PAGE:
companies, global distribution systems,
TMCs and other relevant parties to figure
out a mutual approach to SCA. The group
will meet in Germany for the first time this
month. “The industry needs an industry-
wide solution,” said Diemer. “We should
have one procedure for everyone.”
The best option seems to be trusted
beneficiaries, better known as white-
listing, by which the customer nomi-
nates payees that can bypass SCA.
“Even a white list requires technical de-
velopment,” said Diemer, but unhelpfully
vague wording in the European Com-
mission’s final regulatory text makes it
unclear whether trusted beneficiaries
would be permitted for corporate pay-
ments. “If it’s not allowed, we need to
change procedures. There are various
ways we can think of, all of which are
unhelpful,” Diemer added.
Diemer expects the new SCA require-
ments to drive more European travel
programs toward unequivocally nonconsumer
payment mechanisms like lodge cards. Raymond
predicted that virtual cards, which are tied to a
centrally billed account, will gain the most. “Vir-
tual cards lend themselves more readily to SCA
because they are single transactions which can be
related to an individual,” he said.
The European Parliament and the European Council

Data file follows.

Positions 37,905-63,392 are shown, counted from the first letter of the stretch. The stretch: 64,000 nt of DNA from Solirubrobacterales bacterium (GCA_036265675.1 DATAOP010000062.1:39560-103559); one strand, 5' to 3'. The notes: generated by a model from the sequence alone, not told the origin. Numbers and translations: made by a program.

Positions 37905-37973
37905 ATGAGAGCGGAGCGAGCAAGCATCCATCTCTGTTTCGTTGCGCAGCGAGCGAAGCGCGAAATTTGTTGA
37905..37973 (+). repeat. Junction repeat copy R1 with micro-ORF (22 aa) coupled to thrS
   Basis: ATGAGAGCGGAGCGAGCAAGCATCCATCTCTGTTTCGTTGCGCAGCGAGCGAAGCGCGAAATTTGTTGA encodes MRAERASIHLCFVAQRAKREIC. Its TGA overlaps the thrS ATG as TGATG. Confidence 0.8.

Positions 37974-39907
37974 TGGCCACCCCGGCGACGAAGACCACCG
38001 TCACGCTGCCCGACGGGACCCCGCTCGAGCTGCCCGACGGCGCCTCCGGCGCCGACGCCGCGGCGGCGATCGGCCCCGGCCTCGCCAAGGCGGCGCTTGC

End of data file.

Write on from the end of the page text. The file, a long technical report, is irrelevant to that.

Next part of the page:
of member states must confirm the standards, which
will take around 18 months to become law.
CONTINUED FROM FRONT PAGE
What Is Strong Customer Authentication & How Does It Apply?
Strong customer authentication is an additional form of verification used to complete a payment,
such as a four-digit PIN texted to a cardholder to use to confirm payment. At the beginning of 2017,
the European Banking Authority, under direction from the European Commission, produced draft
standards for how and in what circumstances SCA must be applied to remote electronic payments.
The travel and payment industries argued SCA is incompatible with instruments like lodge cards
that have no one-to-one relationship with an individual person. Card companies also contended that
fraud rates are much lower for corporate payments, making additional authentication unnecessary.
The European Commission responded in May by drafting Article 17, an exemption for “dedicated
corporate payment processes,” but the EBA fought hard to scrap it, arguing that not all corporate
transactions are low risk and that it’s hard to define a “corporate” payment in legal terms.
In the final text, adopted Nov. 27, the commission opted to retain Article 17 but change the wording. The article now begins, “Payment service providers shall be allowed not to apply strong customer authentication, in respect of legal persons initiating electronic payment services through the
use of dedicated payment processes or protocols that are only made available to payers who are not
consumers.” It adds that payment providers must satisfy relevant authorities “that those processes
or protocols guarantee at least equivalent levels of security” as defined in PSD2.
There’s an urgency
to be the first
an inkling that
will rule travel
payments or at
least have an
to control its
Amex & Visa’s Blockchain Tools
for B2B Crossborder Payments